Study: Increasing number of women drink alcohol and smoke while trying to get pregnant

One in five women have been found to smoke with more than half drinking alcohol while actively trying to conceive.

Study: Increasing number of women drink alcohol and smoke while trying to get pregnant
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New research has uncovered some ‘troubling trends’ among women who are trying to conceive.

The research, conducted by leading pregnancy charity Tommy’s, found that certain lifestyle choices of these women such as smoking, consuming alcohol and caffeine as well as a lack of exercise, could be negatively affecting the chances of pregnancy.

The disturbing trend has been found to be more common among women below the age of 25.

On the whole, the study points to a general lack of awareness around the dangers of these activities while trying for a baby.

Major findings

Researchers analysed data on more than 130,000 women in the UK who were asked questions about maternal health.

They found 54 percent of women planning a pregnancy drank alcohol, 20 per cent smoked cigarettes and 3.7 per cent said they used recreational drugs.

Only half the women polled said they ate their five-a-day fruit and veg, and even fewer exercised for the recommended 150 minutes a week.

Amina Hatia, a midwife who works for Tommy’s, said:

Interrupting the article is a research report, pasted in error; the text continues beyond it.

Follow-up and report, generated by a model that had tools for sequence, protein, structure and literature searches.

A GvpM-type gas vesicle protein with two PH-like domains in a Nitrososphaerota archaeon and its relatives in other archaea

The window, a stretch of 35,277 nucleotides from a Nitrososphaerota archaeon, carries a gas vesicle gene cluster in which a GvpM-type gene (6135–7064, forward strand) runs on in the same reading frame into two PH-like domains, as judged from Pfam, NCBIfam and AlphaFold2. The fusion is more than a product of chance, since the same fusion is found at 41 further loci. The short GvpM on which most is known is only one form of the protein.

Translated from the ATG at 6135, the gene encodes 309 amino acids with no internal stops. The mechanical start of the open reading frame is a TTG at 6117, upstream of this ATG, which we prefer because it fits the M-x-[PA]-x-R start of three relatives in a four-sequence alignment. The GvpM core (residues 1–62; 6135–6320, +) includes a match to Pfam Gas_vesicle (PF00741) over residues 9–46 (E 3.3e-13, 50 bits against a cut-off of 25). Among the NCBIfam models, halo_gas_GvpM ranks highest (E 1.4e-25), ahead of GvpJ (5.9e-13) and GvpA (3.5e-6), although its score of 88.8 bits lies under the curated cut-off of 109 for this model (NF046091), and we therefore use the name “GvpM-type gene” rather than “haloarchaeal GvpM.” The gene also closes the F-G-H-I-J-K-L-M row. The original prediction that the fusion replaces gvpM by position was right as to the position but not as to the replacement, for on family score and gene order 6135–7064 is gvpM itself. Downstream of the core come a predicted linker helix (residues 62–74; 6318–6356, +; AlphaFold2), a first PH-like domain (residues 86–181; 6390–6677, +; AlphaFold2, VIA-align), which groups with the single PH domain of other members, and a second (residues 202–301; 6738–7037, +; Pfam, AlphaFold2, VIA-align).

Most people make changes to look after their health and wellbeing once they know they’re expecting, but many don’t realise that acting even earlier can really help get the body ready for pregnancy. It’s not just about cutting out risky things like caffeine, alcohol and cigarettes. Positive steps like keeping active and eating a balanced diet can also make a big difference.

Role of NHS

Campaigners at Tommy’s noted there are no proper services in the NHS which help individuals get their bodies ready for pregnancy.

According to the professionals, when someone manages to get pregnant and accesses antenatal care they may have left it ‘too late’ to make key lifestyle changes.

The report, published in BMC Pregnancy & Childbirth journal, recommended more awareness creation to safeguard pregnancy health.

Dr Angela Flynn, one of the report’s authors, said:

...our study suggests it’s not well known in the UK that people can take steps before they even start trying to increase their chances of having a safe pregnancy and a healthy baby...it’s worrying that awareness and behaviours haven’t really improved.

Last month the World Health Organisation called for all women of child-bearing age to be banned from drinking alcohol.

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